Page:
Tracking the growing potential of smart cities and opportunities arising for developers, contractors and vendors alike, CW organised the second round table on the subject in Mumbai on May 15, 2014; the first was held in Bengaluru on February 26, 2014. Convened by Pratap Vijay Padode, Editor-in-Chief, CW, and moderated by Scot Wrighton, City Manager, Lavasa Corporation, the event brought together nine industry experts who deliberated upon issues ranging from governance to execution. Excerpts...
Arun Dubey, Director, Jaldhara Technologies
"Cities are intended to be permanent. As smart cities are the outcome of planning for how long can a planned city manage natural and manmade fundamental changes? Can a smart city provide water to citizens for the next 100 years? Will it be able to manage its transportation considering the future influx of people? So, while planning a smart city, the developer, along with the Centre or state government, must consider long-term planning rather than short term."
Soma Vijayakumar, CGM (Transport & Airport) T&C Planning Department, CIDCO
"Navi Mumbai, with a population of over 2 million, has been planned in such a way that it can take the burden of an additional 2 million. We will develop a parallel city much bigger than Navi Mumbai near the proposed Navi Mumbai Airport in the next 30 years to accommodate a population of 8 million. The city will be developed through two planning units. Here, we will construct world-class infrastructure for the future needs of the city with cutting-edge technology that can be used efficiently to safeguard the interests of the community."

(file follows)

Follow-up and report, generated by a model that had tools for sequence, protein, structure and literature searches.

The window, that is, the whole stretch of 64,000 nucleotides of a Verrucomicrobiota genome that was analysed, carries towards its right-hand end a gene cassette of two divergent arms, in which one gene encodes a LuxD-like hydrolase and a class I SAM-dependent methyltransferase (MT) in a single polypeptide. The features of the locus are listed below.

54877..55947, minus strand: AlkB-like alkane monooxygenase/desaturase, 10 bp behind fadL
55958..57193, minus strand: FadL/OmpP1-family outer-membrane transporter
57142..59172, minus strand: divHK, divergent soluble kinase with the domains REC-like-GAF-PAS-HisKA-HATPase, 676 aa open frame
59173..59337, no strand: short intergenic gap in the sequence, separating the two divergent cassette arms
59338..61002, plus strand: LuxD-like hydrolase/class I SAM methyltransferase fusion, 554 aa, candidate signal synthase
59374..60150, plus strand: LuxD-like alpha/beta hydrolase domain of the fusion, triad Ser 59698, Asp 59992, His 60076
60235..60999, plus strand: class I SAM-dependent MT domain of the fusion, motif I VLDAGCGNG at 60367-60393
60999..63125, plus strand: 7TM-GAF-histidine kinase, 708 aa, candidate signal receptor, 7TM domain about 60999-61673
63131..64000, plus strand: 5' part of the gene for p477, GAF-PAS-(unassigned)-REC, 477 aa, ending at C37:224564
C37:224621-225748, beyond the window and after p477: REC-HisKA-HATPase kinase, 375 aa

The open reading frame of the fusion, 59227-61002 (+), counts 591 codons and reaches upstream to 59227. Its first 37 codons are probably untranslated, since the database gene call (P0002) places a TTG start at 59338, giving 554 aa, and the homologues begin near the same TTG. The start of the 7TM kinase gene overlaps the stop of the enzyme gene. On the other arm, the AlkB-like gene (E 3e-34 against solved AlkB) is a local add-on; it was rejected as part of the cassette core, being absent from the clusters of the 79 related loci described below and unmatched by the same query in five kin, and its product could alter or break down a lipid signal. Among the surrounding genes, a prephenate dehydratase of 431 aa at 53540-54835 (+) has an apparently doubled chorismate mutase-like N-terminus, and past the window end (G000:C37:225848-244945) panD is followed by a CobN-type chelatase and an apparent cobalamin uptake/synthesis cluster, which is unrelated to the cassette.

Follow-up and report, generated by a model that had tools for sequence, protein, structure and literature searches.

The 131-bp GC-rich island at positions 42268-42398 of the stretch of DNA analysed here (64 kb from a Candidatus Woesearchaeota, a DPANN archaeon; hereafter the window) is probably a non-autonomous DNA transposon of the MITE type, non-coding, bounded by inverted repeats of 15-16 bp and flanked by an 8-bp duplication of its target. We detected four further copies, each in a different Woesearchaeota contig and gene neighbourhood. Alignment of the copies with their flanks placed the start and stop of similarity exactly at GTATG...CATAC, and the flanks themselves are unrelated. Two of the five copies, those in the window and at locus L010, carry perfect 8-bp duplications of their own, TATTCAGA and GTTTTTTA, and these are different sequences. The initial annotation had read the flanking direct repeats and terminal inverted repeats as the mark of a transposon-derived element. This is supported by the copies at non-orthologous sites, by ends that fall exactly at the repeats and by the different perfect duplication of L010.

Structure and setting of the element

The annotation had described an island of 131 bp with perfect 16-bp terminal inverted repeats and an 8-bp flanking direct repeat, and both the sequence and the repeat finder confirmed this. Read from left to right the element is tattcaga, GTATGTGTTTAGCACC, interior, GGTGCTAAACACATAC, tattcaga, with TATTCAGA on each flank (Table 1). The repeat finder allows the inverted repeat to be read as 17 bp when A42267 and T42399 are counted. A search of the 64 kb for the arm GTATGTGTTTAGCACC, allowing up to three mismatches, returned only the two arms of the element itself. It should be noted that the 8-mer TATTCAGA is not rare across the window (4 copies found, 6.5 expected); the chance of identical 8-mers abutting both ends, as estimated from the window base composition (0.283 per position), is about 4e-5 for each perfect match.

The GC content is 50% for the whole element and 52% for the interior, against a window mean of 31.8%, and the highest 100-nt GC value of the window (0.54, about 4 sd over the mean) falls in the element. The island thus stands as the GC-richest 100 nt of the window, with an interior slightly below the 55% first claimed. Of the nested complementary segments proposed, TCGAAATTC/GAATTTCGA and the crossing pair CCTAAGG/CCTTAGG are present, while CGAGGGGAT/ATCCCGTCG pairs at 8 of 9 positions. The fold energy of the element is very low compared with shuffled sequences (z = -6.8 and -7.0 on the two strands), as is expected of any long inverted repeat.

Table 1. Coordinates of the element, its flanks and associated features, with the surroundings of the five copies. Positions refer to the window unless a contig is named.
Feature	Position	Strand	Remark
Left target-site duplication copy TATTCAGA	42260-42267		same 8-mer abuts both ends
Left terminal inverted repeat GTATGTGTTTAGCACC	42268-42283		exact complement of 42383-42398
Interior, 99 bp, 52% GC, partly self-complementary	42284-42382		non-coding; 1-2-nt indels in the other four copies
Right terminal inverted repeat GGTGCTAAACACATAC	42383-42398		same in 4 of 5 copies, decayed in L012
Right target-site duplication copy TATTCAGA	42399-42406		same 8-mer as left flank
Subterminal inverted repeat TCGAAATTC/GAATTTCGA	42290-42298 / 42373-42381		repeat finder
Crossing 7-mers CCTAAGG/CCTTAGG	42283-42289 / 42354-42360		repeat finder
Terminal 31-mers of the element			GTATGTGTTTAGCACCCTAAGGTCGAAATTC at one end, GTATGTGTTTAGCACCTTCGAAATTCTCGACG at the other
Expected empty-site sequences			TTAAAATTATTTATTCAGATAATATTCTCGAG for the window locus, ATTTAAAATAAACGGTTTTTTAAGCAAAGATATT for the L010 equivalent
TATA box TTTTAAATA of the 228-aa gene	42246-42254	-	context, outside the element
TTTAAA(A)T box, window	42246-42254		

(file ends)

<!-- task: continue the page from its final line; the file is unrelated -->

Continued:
Scot Wrighton, City Manager, Lavasa Corporation
"We have been using terms like green city, smart city and sustainable city. However, none of them have been defined by the government and independent rating agencies. But a good thing about starting a new city from scratch is the possibility to create an integrated development, where there is the possibility of using the same project management for all buildings. Another good aspect of making a new city is that you can build it sustainable - financially, socially and environmentally. But there are also challenges; after more than 10 years from the beginning of construction, there is no sustainable governance model, so institutional relationships are complicated."